Game Over Online ~ Tropico 4

GameOver Game Reviews - Tropico 4 (c) Kalypso Media, Reviewed by - Steven Carter

Game & Publisher Tropico 4 (c) Kalypso Media
System Requirements Windows XP/Vista/7, 2 GHz dual core CPU, 1 GB RAM, 256 MB DirectX 9.0c compatible video card, 5 GB HDD
Overall Rating 76%
Date Published Wednesday, September 14th, 2011 at 10:42 AM

Divider Left By: Steven Carter Divider Right

Tropico 4 is the follow-up to Tropico 3 (released in 2009) and Tropico 3: Absolute Power (released in 2010). All three games were developed by Haemimont Games, which is notable because the franchise had previously played a lot of musical chairs with its developers. Unfortunately, Haemimont Games hasn't shown a lot of creative spark. Tropico 3 was basically a re-make of the original Tropico, and now Tropico 4 feels more like a second expansion pack to Tropico 3 than a full-fledged sequel.

In the Tropico games, you take on the role of El Presidente, and it's your goal to run a Caribbean island while simultaneously keeping your people happy and squirreling away some money for yourself. For the most part, these objectives are met by you ordering buildings to be constructed on your island. You might build a pub and a casino to keep your people happy, some farms to generate exports for a profit, and a bank to siphon off some of the proceeds for your Swiss bank account. Tropico 4 includes over 100 buildings, so you're given lots of options for how to run your island.

Tropico 4 adds a few new things to the franchise. You can now import as well as export products (and some products, like uranium, can only be imported). You now have to hire ministers before you can issue edicts (and since ministers are high school or college educated, that means you can't issue edicts right away). Europe, China, and the Middle East are now included as minor foreign powers, and you have to keep them happy along with the United States and the U.S.S.R. There are now many more natural disasters to worry about, including volcano eruptions and tornadoes, but you're given a convenient rebuild button to make your recovery easier. And Tropico 4 now links to Twitter and Facebook, if that sort of thing interests you.

Some parts of the game have been overhauled as well. The graphics engine looks identical, but I found that the game ran much more smoothly than before. The radio broadcasts, which were sort of grating and annoying in Tropico 3, were completely redone, and now they're pleasant and amusing. And the interface saw several tweaks to make the game easier to manage, including a new "tasks" system where your objectives are shown in the main interface, and you don't have to keep opening up your almanac to see how you're doing (now if they'd just add happiness to the main interface as well).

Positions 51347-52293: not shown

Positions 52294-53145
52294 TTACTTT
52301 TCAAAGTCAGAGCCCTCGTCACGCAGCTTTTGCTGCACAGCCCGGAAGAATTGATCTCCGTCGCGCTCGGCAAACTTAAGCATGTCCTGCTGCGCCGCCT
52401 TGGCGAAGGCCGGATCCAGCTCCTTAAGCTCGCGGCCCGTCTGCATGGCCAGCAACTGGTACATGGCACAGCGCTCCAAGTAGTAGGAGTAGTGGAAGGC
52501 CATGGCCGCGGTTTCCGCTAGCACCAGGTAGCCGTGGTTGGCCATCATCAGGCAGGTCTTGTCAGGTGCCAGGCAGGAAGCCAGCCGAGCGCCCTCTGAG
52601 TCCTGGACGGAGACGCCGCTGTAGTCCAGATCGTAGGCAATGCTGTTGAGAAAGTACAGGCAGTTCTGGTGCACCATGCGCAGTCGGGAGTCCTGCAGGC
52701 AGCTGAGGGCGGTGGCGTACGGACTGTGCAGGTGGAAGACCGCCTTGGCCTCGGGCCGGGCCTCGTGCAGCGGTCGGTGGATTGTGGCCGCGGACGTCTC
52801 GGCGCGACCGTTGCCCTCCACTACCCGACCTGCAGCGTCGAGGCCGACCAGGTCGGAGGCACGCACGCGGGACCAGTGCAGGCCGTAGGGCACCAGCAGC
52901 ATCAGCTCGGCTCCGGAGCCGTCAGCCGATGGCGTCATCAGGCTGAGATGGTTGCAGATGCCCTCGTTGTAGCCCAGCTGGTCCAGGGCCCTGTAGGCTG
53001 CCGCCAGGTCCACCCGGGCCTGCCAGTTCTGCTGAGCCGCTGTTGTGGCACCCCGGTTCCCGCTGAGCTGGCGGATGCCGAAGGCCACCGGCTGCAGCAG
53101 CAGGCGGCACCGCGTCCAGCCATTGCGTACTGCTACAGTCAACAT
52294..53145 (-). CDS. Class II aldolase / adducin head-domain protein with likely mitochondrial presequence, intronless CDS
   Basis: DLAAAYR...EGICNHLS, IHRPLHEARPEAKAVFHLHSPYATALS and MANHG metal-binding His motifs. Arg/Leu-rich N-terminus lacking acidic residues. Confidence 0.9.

Sadly, though, there isn't much new in the game other than the tweaks listed above. There's a new campaign, which features 20 scenarios, but just like in Tropico 3, the scenarios aren't much different than sandbox mode, and you're usually allowed to play your island any way you want. There are also some new buildings, but they're sort of odd. For example, there's a stock exchange, but it doesn't have anything to do with stocks. Instead, it allows you to rent out businesses, making it more of a realtor's office. Meanwhile, you can add a shopping mall and a museum of modern art, but they're backwards. The shopping mall loses money hand over fist while the museum is quite profitable.

Finally, in perhaps a sign of the times, Tropico 4 is much easier than Tropico 3. I went back and played a little Tropico 3, and I was surprised at how much trouble I had keeping my people happy, at least at the start of the scenarios where the happiness rating kept hovering around 40%. Meanwhile, in Tropico 4 I don't think my happiness rating ever fell below 45% at any time in any of the scenarios, and with happy people you don't have to worry about rebel attacks or coups or protests, or getting voted out of office, and half the challenge of the game disappears.

Tropico 4 is a difficult game to rate. It's a perfectly fine game, it ran smoothly for me, and it kept me reasonably entertained for about 50 hours, but it's also essentially the same game as Tropico 3... which was essentially the same game as the original Tropico. If you've never played any of those earlier games, and if you like city building, then by all means try out Tropico 4. But if you've played the earlier games, then you might be better off firing up Tropico 3 again rather than plunking down $40-50 for what amounts to a glorified expansion pack.

[31/40] Gameplay
[11/15] Graphics
[12/15] Sound
[08/10] Interface
[07/10] Campaign
[05/05] Technical
[03/05] Documentation


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